By Jon Dougherty
(NationalSentinel) President Donald Trump is being advised by at least one U.S. congressman and others to ignore a recent Supreme Court ruling and include a question about citizenship on the 2020 Census.
In a tweet this week, Rep. Chip Roy (R-Texas), agreed with another user that the administration committed an “unforced error” in failing to ‘adequately’ justify adding the question, but that overall the high court did not actually rule the question unconstitutional.
Absolutely. It’s the lawyers advising him. @realDonaldTrump should ignore them. Completely. Print the census with the question – and issue a statement explaining why – “because we should.” Done. https://t.co/ExyvRAmzoN
— Chip Roy (@chiproytx) July 3, 2019
“Itâ€™s the lawyers advising him. @realDonaldTrump should ignore them. Completely. Print the census with the question – and issue a statement explaining why – ‘because we should.’ Done,” Roy wrote on Twitter in response to a user named Dan McLaughlin, whose profile says he’s an attorney.
â€œNeither the Constitution nor the Roberts opinion say the question cannot be included,â€ Roy added. â€œThe President can add it & SCOTUS didnâ€™t say otherwiseâ€”just that it wanted a better rationale than Commerce gaveâ€¦ so POTUS ought to do that.â€
Rob Henneke, general counsel at the Center for the American Future, told Roy he agreed,Â The Epoch Times reported.
â€œSCOTUS ruling doesnâ€™t block questionâ€”it merely requires Administration to put more information in the record supporting the basis for asking the question. Any current internal deadlines may be extended. Itâ€™s more important to get this right,â€ Henneke wrote on Twitter.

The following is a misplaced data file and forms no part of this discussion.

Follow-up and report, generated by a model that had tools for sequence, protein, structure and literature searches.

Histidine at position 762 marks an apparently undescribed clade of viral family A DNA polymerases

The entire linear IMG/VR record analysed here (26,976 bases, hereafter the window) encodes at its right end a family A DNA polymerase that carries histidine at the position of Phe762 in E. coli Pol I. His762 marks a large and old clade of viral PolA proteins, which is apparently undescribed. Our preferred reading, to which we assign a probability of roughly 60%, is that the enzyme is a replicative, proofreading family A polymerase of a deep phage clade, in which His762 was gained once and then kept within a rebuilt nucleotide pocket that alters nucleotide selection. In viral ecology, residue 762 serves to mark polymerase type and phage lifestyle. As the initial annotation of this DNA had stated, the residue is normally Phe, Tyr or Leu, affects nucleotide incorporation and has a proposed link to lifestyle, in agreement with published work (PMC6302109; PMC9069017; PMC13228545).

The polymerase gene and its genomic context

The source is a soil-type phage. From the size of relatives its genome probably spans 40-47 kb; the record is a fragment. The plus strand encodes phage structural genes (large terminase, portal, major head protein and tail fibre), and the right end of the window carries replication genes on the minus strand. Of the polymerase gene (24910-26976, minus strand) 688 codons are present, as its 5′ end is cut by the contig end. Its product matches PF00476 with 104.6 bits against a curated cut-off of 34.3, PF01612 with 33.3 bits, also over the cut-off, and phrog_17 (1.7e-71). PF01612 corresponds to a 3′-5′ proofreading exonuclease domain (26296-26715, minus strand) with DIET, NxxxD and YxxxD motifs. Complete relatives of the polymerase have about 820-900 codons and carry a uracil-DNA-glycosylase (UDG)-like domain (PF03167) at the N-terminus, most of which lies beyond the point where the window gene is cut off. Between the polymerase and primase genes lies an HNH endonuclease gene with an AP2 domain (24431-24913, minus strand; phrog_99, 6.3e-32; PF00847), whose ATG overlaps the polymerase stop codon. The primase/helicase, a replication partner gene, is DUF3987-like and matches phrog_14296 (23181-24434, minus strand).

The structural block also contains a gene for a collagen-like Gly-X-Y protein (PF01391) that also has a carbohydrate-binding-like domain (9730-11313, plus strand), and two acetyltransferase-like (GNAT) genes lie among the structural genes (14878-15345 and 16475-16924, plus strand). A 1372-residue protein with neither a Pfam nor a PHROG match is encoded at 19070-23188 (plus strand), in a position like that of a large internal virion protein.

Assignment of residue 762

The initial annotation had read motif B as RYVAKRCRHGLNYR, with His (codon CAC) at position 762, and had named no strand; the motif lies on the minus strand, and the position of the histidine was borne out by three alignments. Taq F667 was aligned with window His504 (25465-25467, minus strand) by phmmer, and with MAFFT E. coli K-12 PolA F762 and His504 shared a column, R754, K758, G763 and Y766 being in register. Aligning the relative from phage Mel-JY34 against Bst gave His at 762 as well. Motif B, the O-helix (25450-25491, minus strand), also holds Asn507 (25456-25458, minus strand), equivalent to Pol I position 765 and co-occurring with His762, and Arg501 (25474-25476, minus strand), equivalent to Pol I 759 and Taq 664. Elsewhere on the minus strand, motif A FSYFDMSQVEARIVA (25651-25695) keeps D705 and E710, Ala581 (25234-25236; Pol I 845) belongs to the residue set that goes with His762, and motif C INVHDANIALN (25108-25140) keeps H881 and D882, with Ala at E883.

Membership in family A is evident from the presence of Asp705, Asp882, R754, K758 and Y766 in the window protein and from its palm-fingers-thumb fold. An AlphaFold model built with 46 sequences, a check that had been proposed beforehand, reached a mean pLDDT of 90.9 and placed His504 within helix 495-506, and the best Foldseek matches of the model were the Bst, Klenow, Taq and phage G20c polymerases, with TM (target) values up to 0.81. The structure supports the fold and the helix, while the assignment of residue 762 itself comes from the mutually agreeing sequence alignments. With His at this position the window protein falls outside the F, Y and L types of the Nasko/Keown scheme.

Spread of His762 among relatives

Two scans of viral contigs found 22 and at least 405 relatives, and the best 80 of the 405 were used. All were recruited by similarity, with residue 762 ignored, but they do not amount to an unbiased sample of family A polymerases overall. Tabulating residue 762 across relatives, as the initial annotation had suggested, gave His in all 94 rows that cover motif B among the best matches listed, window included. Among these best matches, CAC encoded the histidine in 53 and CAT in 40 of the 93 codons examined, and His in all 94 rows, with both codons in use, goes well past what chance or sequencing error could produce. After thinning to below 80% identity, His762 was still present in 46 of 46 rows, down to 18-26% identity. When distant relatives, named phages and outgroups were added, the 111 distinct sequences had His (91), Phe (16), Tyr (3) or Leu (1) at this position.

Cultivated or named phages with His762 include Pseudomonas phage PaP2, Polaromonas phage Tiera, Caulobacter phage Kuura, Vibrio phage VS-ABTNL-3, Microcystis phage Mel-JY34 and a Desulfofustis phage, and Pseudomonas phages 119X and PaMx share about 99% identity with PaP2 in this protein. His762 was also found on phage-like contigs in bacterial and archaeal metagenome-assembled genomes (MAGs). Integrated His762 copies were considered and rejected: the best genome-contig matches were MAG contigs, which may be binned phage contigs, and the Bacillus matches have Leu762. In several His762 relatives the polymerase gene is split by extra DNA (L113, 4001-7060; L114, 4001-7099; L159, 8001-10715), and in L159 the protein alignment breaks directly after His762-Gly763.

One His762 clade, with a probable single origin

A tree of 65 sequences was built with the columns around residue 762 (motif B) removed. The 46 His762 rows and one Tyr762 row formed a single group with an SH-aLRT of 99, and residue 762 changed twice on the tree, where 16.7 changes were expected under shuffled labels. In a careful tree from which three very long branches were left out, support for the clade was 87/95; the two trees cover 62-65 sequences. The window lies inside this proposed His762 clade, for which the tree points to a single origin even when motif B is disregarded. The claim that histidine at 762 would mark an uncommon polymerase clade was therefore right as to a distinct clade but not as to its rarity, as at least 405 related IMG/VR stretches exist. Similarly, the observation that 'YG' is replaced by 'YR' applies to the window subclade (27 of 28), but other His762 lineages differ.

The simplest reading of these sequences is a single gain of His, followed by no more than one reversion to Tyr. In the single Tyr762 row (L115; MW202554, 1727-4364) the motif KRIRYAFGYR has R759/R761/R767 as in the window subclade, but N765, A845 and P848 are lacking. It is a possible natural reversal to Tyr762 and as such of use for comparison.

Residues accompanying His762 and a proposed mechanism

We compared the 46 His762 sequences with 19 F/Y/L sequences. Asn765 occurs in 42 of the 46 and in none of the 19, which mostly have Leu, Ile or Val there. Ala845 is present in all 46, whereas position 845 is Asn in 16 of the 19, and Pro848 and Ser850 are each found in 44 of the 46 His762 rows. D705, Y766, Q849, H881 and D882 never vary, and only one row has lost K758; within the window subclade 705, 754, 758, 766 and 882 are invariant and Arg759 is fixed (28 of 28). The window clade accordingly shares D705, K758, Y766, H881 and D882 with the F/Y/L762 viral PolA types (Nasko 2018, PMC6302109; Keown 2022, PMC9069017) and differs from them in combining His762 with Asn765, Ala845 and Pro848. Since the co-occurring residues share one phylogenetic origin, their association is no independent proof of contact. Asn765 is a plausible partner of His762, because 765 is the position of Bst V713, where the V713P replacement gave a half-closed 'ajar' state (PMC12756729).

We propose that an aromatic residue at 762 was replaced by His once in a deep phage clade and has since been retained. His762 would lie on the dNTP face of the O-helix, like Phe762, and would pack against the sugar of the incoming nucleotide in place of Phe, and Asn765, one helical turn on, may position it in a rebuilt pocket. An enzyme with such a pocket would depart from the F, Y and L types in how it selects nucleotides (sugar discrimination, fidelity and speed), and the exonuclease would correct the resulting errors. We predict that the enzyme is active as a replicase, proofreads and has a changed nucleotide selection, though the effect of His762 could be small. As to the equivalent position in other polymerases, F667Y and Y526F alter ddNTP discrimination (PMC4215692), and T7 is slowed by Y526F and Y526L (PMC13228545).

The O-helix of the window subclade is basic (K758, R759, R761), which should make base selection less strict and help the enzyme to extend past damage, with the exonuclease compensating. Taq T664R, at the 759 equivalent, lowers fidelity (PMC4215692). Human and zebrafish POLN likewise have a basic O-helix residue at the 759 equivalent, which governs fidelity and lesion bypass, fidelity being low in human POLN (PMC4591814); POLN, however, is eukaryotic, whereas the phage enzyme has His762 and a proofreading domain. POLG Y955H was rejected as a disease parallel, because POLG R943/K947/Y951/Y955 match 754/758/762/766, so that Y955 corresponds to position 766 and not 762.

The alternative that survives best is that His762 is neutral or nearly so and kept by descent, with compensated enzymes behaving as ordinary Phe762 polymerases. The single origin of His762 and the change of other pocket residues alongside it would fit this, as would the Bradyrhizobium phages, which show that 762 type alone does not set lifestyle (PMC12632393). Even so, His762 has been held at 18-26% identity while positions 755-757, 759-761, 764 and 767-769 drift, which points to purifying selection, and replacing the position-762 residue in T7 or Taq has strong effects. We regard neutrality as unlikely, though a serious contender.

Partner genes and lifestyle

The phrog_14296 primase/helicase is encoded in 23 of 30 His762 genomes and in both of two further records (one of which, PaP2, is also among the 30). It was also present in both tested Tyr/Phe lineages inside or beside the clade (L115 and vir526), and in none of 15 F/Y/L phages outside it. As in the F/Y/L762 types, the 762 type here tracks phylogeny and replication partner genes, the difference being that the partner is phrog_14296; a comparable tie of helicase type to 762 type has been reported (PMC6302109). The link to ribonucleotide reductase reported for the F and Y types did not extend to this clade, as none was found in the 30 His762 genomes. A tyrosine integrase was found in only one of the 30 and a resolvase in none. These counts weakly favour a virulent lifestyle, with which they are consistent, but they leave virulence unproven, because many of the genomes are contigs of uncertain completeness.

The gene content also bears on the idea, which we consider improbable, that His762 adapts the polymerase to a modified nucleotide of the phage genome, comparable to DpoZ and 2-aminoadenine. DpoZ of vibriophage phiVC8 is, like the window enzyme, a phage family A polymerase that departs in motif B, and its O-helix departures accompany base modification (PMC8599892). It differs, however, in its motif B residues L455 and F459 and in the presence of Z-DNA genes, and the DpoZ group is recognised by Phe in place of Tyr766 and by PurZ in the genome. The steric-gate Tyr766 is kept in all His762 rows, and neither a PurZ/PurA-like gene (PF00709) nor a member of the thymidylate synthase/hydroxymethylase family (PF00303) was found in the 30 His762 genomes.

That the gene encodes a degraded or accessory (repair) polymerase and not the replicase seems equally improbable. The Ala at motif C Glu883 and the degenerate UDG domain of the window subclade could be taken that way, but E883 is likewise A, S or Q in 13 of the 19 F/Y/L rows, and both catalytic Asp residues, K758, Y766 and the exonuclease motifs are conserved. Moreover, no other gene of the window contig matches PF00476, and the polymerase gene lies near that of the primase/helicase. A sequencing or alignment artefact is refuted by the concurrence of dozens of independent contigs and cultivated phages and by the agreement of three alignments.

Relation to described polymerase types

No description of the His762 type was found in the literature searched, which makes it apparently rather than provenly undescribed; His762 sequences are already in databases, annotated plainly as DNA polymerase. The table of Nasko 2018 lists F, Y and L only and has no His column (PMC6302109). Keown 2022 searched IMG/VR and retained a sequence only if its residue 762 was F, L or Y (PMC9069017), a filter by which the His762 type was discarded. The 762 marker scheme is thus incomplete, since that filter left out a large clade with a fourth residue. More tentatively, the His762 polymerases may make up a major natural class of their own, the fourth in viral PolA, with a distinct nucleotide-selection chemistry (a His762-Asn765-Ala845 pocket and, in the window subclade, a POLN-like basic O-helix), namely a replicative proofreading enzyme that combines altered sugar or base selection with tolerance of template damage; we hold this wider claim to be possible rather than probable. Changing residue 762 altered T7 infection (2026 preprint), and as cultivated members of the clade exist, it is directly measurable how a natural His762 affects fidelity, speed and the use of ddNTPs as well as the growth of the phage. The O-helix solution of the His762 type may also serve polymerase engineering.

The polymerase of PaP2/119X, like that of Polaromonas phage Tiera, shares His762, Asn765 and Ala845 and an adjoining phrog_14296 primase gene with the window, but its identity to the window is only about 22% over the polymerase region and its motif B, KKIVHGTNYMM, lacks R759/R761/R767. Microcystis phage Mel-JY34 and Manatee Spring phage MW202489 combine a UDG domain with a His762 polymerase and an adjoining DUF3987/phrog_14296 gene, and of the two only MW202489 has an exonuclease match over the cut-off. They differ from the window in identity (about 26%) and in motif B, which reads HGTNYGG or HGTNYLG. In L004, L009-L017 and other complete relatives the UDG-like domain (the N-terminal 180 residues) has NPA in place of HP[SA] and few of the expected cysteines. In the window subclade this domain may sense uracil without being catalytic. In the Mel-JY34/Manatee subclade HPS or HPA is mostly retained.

True statement. SCOTUS ruling doesn't block question – it merely requires Administration to put more information in the record supporting the basis for asking the question. Any current internal deadlines may be extended. It's more important to get this right.
— Rob Henneke (@robhenneke) July 3, 2019
Roy noted furtherÂ in an op-edÂ that adding the question is important for the country.
â€œGetting an accurate counting of persons, and citizens, is important for re-districting, for allocation of federal dollars, for setting up voting locations, for making decisions about the impact of illegal immigration on American communities, and for, yes, administering the laws in accordance with the Voting Rights Act, among other reasons. It is also, arguably, constitutionally required to ask for citizenship. Yes, required,â€ he wrote.
â€œIf one only reads the census portion of the Constitution, it references counting â€˜persons.â€™ Fair enough, but there is no restriction on counting citizens, too. Importantly, though, if one reads section 2 of the 14th Amendment, you find that it, combined with the later passed 19th and 26th Amendments, creates a requirement that we know the total number of voting-age â€˜citizensâ€™ in each state. This provision was to ensure enforcement of voting rights, and if you do not have citizenship data by state, you cannot enforce that section of the Constitution.â€
Following the 5-4 SCOTUS decision, which sent the case — a lawsuit by blue states — back to a lower court for further consideration, Commerce Secretary Wilbur Ross said the U.S. Census Bureau, which falls under his department, was printing the 2020 census without the citizenship question.
The president disputed that, however. As we reported Friday, the president has vowed to add the question to the 2020 Census one way or another.
That includes waiting for a final Supreme Court decision, adding an addendum to the main questionnaire, or issuing an executive order.
â€œWeâ€™re thinking about doing that. Itâ€™s one of the ways, we have four or five ways we can do it,â€ Trump said in response to a reporter’s question about issuing an executive order. â€œItâ€™s one of the ways that weâ€™re thinking about doing it very seriously.â€
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